Hosea Chapter 1
1 The LORD's word that came to Hosea the son of Beeri, in the days of Uzziah, Jotham, Ahaz, and Hezekiah, kings of Judah, and in the days of Jeroboam the son of Joash, king of Israel.
2 When the LORD spoke at first by Hosea, the LORD said to Hosea, "Go, take for yourself a wife of prostitution and children of unfaithfulness; for the land commits great adultery, forsaking the LORD."
3 So he went and took Gomer the daughter of Diblaim; and she conceived, and bore him a son.
4 The LORD said to him, "Call his name Jezreel; for yet a little while, and I will avenge the blood of Jezreel on the house of Jehu, and will cause the kingdom of the house of Israel to cease.
5 It will happen in that day that I will break the bow of Israel in the valley of Jezreel."
6 She conceived again, and bore a daughter. Then he said to him, "Call her name Lo-Ruhamah; for I will no longer have mercy on the house of Israel, that I should in any way pardon them.
7 But I will have mercy on the house of Judah, and will save them by the LORD their God, and will not save them by bow, sword, battle, horses, or horsemen."
8 Now when she had weaned Lo-Ruhamah, she conceived, and bore a son.
9 He said, "Call his name Lo-Ammi; for you are not my people, and I will not be yours.
10 Yet the number of the children of Israel will be as the sand of the sea, which can't be measured or counted; and it will come to pass that, in the place where it was said to them, 'You are not my people,' they will be called 'sons of the living God.'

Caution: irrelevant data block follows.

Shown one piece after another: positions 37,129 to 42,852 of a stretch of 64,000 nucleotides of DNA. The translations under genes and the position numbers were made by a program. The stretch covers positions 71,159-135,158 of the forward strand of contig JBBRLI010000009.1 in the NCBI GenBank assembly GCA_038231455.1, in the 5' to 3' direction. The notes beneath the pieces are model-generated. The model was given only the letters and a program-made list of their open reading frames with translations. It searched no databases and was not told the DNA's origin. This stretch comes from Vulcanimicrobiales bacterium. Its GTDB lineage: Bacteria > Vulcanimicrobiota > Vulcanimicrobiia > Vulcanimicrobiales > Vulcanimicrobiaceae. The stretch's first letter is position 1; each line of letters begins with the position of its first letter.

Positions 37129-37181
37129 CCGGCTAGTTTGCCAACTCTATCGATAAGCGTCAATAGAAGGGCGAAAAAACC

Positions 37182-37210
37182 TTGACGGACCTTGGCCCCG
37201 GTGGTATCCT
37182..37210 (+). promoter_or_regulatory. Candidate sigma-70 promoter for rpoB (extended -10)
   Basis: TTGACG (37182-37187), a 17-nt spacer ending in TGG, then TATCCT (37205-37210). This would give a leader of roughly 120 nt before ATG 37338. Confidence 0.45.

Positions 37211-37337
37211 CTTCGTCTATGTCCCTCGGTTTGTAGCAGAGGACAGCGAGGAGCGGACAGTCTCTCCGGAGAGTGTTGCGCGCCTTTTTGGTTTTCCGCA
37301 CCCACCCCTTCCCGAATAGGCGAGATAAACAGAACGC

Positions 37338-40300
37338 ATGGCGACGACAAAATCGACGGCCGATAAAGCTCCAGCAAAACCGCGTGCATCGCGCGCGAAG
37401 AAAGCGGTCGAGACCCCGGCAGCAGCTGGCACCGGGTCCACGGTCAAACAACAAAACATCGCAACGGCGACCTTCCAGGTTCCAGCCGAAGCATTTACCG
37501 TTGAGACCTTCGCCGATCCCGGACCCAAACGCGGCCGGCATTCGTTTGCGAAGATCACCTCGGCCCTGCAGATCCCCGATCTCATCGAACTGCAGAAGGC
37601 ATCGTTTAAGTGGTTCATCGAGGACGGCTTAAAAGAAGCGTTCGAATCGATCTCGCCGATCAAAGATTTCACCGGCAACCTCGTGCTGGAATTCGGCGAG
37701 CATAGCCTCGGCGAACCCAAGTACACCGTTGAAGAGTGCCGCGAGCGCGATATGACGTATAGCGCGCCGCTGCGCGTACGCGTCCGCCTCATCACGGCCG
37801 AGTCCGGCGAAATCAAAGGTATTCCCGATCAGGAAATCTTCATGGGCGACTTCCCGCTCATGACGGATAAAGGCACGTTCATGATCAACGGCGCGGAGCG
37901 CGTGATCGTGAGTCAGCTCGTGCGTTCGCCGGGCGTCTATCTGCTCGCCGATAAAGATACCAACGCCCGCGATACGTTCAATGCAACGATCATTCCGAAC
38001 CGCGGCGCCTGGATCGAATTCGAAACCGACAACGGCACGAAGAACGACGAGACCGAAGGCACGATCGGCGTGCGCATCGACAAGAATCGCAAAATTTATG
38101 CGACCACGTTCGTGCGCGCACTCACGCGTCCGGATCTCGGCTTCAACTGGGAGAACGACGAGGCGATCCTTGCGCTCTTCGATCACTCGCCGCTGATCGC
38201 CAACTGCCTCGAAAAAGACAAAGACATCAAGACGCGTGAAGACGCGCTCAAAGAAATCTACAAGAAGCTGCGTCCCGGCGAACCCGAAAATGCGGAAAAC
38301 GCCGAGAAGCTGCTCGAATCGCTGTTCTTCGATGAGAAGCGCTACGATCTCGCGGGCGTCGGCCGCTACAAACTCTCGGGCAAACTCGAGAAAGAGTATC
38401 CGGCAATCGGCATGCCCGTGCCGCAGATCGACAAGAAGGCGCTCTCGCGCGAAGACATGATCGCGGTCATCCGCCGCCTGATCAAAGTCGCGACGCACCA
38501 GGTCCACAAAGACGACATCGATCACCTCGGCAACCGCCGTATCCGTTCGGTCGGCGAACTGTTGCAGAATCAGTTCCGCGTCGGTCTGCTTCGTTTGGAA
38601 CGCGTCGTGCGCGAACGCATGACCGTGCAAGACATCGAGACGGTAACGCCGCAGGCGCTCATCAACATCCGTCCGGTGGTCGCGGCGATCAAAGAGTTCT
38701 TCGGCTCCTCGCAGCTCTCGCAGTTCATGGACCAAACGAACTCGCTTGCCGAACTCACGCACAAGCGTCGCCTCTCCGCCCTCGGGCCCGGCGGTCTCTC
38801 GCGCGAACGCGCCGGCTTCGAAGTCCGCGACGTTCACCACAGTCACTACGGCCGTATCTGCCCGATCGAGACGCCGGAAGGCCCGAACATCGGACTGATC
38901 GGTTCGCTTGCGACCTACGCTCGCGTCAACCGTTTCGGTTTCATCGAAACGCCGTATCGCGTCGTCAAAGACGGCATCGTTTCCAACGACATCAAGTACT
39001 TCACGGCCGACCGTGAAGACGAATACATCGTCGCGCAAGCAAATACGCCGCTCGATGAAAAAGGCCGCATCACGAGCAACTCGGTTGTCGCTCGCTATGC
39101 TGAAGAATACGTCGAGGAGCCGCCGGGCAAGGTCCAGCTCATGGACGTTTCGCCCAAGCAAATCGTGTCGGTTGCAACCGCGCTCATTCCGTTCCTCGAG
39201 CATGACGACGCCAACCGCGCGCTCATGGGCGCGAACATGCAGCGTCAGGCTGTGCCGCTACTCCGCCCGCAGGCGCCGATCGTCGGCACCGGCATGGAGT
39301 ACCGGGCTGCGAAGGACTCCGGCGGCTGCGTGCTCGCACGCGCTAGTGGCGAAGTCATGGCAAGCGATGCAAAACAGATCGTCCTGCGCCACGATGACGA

11 The children of Judah and the children of Israel will be gathered together, and they will appoint themselves one head, and will go up from the land; for great will be the day of Jezreel.
- Verse 1 (LORD)
- When rendered in ALL CAPITAL LETTERS, "LORD" or "GOD" is the translation of God's Proper Name.
- Verse 6 (Lo-Ruhamah)
- Lo-Ruhamah means "not loved".
- Verse 7 (God)
- The Hebrew word rendered "God" is Elohim.
- Verse 9 (Lo-Ammi)
- Lo-Ammi means "not my people".
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Chapter Guide (1:1-2:1) Guide
The statement with which this prophecy opens, "When the Lord spake at the first," is a declaration by Hosea long after the events. Looking back, he understood that the impulse which resulted in the heart agony was also part of the divine method of teaching him. There is no reason to believe that Gomer was outwardly impure in the days when Hosea married her. If impurity were in her heart, Hosea did not how it, and it was not apparent during the early days of their married life.
In the picture of their domestic life the important matter is its revelation of Hosea's national consciousness. Three children were born to him, and there is still no reason to believe that during this period Gomer was unfaithful In naming the children he revealed his conviction concerning the condition of his nation. Living in close fellowship with God, he saw his people in the light of the divine purpose, and as the children were born, named them in such a way as to indicate his profound convictions. Jezreel means the threatened judgment; Lo-ruhamah means mercy not obtained; Lo-ammi means cast out, not my people. While the outlook was dark, the section ends with words which show that, in spite of all contradictory appearances, the prophet's faith in the final fulfilment of the first divine purposes was unshaken.